The occasional, often ill-considered thoughts of a Roman Catholic permanent deacon who is ever grateful to God for his existence. Despite the strangeness we encounter in this life, all the suffering we witness and endure, being is good, so good I am sometimes unable to contain my joy. Deo gratias!


Friday, July 1, 2016

The Somme: A Sad Anniversary

I've long been interested in World War One, the global conflict that did much to create the confusing and troubled world we face today. As a part-time student of the war and by no means an expert, I'd like to share a few thoughts on the anniversary of one of this war's major battles.

Today, July 1, is the hundredth anniversary of the Battle of the Somme, an allied offensive that began on this date in 1916 and continued for almost five months until November 18. 
Going "over the top" at the Somme

The Somme is one of those tragic events in human history that should never have happened. Planned and executed by the French and British, it achieved virtually nothing except the deaths of hundreds of thousands of soldiers. Indeed, on just that first day of July a hundred years ago, the British suffered 58,000 casualties, including 20,000 deaths. This was and remains a one-day record in British warfare. 

French Chief of Staff Joffre
The battle plan was originally conceived by French Chief of Staff Joffre, a man beloved by his countryman who referred to him as "Papa Joffre". But Joffre was also a man of questionable strategic decisions. His pre-war Plan 17 for the invasion of Germany neglected to anticipate that the Germans would attack first, and would do so by invading France via neutral Belgium. As a result, the French were caught off-guard and were ill-equipped to offer an effective defense. Making things even worse, before the war Joffre had been responsible for ridding the French army of officers possessed of a defensive mindset. He was also ill-prepared for the German offensive at Verdun in early 1916, the longest battle of the war. Verdun also generated nearly a million casualties -- half of these were deaths -- giving the world a foretaste of what was to come later that year at the Somme.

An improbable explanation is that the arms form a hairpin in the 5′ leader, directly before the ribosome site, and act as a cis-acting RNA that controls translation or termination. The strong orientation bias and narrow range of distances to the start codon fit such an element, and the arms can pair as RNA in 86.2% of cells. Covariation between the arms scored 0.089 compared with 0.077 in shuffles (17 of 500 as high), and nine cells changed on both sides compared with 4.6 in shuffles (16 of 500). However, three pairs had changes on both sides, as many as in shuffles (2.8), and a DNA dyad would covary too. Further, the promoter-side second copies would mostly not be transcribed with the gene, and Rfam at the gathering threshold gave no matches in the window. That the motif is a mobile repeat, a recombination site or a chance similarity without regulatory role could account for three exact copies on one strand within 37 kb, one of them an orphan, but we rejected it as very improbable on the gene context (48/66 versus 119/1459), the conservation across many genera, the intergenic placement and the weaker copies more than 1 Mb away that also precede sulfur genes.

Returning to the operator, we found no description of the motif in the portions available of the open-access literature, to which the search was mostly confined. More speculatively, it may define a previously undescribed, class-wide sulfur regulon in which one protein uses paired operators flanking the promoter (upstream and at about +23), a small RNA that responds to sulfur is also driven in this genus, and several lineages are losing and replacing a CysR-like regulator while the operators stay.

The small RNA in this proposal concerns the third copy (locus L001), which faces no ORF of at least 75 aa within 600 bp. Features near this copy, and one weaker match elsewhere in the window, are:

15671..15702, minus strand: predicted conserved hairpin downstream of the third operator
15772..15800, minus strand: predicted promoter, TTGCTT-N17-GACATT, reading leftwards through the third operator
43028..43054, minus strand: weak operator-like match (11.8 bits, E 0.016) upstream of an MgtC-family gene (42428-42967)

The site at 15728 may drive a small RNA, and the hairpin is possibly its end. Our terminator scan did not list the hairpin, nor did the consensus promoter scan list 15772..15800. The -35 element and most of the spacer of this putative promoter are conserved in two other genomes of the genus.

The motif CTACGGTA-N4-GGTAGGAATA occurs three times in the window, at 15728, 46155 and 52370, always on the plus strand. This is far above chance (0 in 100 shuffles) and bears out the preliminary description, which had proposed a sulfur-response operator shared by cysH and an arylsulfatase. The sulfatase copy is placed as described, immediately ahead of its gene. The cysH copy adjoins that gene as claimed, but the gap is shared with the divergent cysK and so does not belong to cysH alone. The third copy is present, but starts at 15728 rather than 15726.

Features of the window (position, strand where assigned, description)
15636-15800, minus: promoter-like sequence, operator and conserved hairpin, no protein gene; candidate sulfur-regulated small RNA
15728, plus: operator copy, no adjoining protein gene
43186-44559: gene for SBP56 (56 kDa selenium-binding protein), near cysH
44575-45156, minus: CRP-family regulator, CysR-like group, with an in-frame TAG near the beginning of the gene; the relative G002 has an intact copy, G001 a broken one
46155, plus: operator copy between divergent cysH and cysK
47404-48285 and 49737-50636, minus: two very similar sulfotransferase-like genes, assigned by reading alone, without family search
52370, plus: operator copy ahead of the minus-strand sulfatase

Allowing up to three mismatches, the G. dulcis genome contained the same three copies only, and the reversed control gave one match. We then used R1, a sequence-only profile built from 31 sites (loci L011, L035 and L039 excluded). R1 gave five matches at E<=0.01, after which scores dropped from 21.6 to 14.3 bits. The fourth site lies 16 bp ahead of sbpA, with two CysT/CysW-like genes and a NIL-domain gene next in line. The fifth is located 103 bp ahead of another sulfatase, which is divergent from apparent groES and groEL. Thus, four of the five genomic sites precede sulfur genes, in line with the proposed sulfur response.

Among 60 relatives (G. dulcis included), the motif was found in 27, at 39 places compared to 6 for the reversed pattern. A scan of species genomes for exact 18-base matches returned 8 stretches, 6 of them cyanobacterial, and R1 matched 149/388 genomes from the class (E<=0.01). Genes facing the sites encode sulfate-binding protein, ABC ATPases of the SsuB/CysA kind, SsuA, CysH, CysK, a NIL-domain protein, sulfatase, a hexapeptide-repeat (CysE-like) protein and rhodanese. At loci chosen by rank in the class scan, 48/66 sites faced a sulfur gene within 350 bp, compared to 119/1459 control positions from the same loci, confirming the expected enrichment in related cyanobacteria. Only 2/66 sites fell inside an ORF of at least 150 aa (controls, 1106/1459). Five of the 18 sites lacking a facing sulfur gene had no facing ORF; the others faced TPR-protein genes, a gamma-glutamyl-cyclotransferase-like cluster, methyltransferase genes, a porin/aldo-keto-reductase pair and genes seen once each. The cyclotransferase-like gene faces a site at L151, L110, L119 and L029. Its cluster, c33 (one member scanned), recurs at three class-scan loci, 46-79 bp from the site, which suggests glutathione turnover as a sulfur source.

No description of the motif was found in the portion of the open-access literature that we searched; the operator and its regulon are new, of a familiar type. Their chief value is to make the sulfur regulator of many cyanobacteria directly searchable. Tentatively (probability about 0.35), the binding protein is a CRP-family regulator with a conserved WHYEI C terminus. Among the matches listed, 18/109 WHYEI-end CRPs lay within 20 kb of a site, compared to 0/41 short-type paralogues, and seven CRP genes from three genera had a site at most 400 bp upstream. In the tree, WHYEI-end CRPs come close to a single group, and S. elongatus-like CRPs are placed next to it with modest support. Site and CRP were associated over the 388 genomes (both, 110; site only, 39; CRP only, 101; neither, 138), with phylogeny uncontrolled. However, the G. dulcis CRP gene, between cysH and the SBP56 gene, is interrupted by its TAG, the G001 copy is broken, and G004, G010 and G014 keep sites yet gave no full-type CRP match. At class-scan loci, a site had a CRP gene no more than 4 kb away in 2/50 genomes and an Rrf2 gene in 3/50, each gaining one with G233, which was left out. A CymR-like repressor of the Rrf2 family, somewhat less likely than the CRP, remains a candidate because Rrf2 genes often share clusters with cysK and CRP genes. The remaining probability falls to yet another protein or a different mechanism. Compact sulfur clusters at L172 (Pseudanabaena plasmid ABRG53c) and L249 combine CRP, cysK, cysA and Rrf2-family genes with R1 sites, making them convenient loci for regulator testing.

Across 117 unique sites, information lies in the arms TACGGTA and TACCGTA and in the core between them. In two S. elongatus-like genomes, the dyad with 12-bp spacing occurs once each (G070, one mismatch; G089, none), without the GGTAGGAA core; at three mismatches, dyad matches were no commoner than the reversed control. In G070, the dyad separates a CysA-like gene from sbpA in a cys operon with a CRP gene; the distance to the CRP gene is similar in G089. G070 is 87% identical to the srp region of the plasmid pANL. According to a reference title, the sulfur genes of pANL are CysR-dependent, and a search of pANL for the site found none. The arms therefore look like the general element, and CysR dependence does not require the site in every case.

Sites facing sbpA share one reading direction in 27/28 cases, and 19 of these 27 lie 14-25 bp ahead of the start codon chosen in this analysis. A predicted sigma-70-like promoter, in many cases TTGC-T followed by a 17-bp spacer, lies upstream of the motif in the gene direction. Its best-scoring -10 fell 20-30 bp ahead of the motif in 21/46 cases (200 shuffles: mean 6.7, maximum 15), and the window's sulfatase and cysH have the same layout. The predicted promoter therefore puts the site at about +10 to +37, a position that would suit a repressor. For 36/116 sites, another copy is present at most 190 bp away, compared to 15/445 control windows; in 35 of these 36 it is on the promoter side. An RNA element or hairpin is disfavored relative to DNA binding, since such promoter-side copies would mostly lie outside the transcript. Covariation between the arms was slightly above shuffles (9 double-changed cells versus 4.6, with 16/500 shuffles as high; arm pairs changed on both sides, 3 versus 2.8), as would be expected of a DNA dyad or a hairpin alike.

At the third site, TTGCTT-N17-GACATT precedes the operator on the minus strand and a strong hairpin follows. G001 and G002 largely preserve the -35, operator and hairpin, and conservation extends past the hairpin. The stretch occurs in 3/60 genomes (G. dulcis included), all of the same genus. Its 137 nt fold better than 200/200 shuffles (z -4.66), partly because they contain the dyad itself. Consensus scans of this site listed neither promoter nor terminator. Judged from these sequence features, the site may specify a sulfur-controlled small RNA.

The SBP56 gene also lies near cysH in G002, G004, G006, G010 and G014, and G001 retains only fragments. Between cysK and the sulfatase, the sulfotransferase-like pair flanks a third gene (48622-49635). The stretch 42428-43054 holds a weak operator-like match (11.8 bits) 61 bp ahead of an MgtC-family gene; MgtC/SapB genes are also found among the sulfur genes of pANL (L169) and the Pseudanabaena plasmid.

Sir Douglas Haig
The Somme battle plan conceived by Joffre was accepted by the British commander Sir Douglas Haig. The date of the offensive was moved up from August 1 to July 1 to draw off German forces from Verdun. This change also shifted the alignment of forces, turning what was originally conceived as a mostly French offensive into a largely British one. 

Haig ultimately took over the planning for the offensive which was preceded by a week of massive artillery bombardment of German positions. This not only eliminated the possibility of surprise, but also failed to achieve its objective of destroying the German fortifications. Once the artillery stopped, the Germans left their well-fortified underground bunkers, set up their machine guns, and began their slaughter of the attacking British infantry.

Haig, a leader of great inflexibility and stubbornness, continued the offensive along a 20-mile front in fits and starts until he eventually called it off on November 18. At the cost of well over one-million allied and German casualties, the Somme offensive resulted in the allies gaining less than eight miles.

Today is not a day to celebrate, but rather a day to mourn the loss of the youth of so many nations who perished during this war. These young men, needlessly sacrificed on a host of altars dedicated to greed, pride, stupidity, ideology, and blind nationalism, fought courageously while trusting that their military and political leadership would not abandon them. Sadly, too many of these leaders, on both sides, viewed the war quite simply as a war of attrition which would be won by the army that suffered fewer losses than its enemy. The result was carnage on a scale never before experienced.

I've included a remarkable 11-minute video that tries to describe what the Somme was like for the troops who fought there.


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